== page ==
Former President Donald J. Trump and his advisers have been scrambling down to the wire to assemble a legal team for his first scheduled court appearance on Tuesday after being charged with mishandling classified documents and obstructing the government’s efforts to retrieve them.
But even when Mr. Trump figures out who will represent him, the lawyers will face a more significant challenge: how to rebut the charges in a criminal case in which their options may be limited.
While no one knows precisely how Mr. Trump will go about attacking the most serious charges he has faced, his options for using the legal system to delay the case, turn it into a political circus or paint himself as a victim of federal prosecutors are numerous and varied.
Even before his indictment, Mr. Trump, his allies and his lawyers had hinted at some of the arguments they could raise.
They include asserting that Mr. Trump had a right to take the documents from the White House and that he had declassified them before leaving office. They could accuse the prosecutors of misconduct or try to show that he was a victim of selective prosecution. And they could seek to have potentially damning evidence excluded from the trial or try to force the government to disclose classified material that it wants to keep secret.
But all of those claims could be difficult to sustain in court.
Samuel Buell, a former federal prosecutor and a law professor at Duke University, said it was difficult in general to have a federal indictment dismissed before going to trial, and that Mr. Trump and his lawyers would face an uphill battle in avoiding the case moving forward.
“Their options here are extremely limited,” Mr. Buell said, “and highly unlikely to prevent the case getting to a jury.”
The former president has long used lawyers as public relations aides, deploying them to make arguments that are often better suited to the campaign trail than the courtroom. But with the stakes immeasurably higher this time, the challenge will be to strike a balance between doing their client’s bidding and keeping to the rules of criminal procedure.
On Monday, Mr. Trump and his aides flew to Miami, where he has a golf club, and hunkered down to discuss possible new lawyers after James Trusty and John Rowley, the two who had been representing him most actively in dealing with the special counsel Jack Smith, resigned the day after charges were filed.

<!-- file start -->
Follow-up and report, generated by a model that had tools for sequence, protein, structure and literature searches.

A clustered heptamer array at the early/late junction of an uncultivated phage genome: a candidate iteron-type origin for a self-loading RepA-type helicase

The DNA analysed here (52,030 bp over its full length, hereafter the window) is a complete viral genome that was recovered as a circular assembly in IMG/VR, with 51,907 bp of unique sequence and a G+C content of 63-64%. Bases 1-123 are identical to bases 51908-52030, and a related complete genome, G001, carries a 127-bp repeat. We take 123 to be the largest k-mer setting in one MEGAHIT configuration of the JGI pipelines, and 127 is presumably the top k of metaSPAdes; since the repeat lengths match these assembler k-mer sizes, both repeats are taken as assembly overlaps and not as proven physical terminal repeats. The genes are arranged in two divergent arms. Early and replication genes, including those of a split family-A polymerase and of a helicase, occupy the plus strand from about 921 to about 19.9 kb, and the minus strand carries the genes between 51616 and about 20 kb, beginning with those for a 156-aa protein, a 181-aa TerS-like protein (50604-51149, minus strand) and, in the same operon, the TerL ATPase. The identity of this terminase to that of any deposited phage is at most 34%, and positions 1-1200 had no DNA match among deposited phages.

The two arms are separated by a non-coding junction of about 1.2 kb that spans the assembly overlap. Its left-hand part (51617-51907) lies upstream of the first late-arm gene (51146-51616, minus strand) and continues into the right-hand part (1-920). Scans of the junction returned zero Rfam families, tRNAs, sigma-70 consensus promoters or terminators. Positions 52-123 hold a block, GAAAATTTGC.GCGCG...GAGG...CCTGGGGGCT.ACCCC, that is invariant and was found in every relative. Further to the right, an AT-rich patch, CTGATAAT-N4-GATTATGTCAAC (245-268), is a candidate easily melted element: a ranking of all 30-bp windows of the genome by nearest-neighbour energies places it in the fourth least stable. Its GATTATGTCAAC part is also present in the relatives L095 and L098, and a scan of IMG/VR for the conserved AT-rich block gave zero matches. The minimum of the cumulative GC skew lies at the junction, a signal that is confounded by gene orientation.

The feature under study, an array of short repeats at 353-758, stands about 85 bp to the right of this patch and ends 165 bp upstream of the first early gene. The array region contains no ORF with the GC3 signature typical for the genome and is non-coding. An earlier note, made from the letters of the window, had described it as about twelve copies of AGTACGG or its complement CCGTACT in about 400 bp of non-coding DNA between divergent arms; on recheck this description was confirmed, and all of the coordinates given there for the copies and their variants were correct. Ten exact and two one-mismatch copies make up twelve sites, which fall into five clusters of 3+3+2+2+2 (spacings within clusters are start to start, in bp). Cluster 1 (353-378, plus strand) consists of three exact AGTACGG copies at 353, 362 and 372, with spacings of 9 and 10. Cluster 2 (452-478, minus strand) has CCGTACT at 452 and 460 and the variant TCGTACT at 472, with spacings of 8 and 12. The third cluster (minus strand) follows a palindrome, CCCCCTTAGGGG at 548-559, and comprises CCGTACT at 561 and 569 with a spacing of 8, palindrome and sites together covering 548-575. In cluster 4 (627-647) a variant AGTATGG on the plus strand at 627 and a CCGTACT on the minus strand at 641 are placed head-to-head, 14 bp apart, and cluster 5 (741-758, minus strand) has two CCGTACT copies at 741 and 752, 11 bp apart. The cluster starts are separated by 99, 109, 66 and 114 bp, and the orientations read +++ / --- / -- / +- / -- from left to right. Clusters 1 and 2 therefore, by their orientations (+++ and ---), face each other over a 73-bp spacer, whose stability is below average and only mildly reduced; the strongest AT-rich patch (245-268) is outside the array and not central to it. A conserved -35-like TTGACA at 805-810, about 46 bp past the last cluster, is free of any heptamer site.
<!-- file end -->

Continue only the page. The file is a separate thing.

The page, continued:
It remains unclear if any other lawyers would attend Tuesday’s arraignment with Todd Blanche, who is now representing Mr. Trump in both the Florida federal case and a separate case in Manhattan related to hush money payments to a porn star.
Christopher M. Kise, a lawyer on Mr. Trump’s broader team who is licensed in Florida, and Lindsey Halligan, who is also licensed there and was in a meeting with Justice Department officials shortly before the indictment was returned, are also possibilities, a person close to his team said.
One wild card is the way in which arguments are handled by Aileen M. Cannon, the federal judge in Florida who was assigned the case and who made rulings favorable to Mr. Trump at an earlier stage in the investigation.
Still, the evidence in the indictment itself is perhaps the most daunting problem facing whatever legal team Mr. Trump settles on.
Over the weekend, one of Mr. Trump’s former lawyers, Timothy Parlatore, and a man who once served him as attorney general, William P. Barr, both appeared on television stating bluntly that the 38-count indictment of Mr. Trump and one of his aides was extremely thorough and presented a serious threat to the former president.
Quoting a conservative legal expert who writes for The National Review, Mr. Barr said that if even half the charges in it were true, then Mr. Trump was “toast.”
“It’s a very detailed indictment, and it’s very, very damning,” Mr. Barr told “Fox News Sunday.”
Many of the tactics available to Mr. Trump’s defense have drawbacks.
For months, as Mr. Smith’s prosecutors investigated the documents case, Mr. Trump’s lawyers and aides have insisted that the former president could take any documents he wanted from the White House under the Presidential Records Act — a misrepresentation of the actual Watergate-era law.
Mr. Barr swatted aside that argument on Fox, calling it “facially ridiculous.”
“They’re the government’s documents — they’re official records,” Mr. Barr said. “They’re not his personal records. Battle plans for an attack on another country or Defense Department documents about our capabilities are in no universe Donald J. Trump’s personal documents.”
Mr. Trump and his advisers have also repeatedly raised a separate claim: that he cannot be held accountable for having sensitive records with him at Mar-a-Lago, his private club and residence in Florida, or at other properties he owns, because he declassified everything before he left office.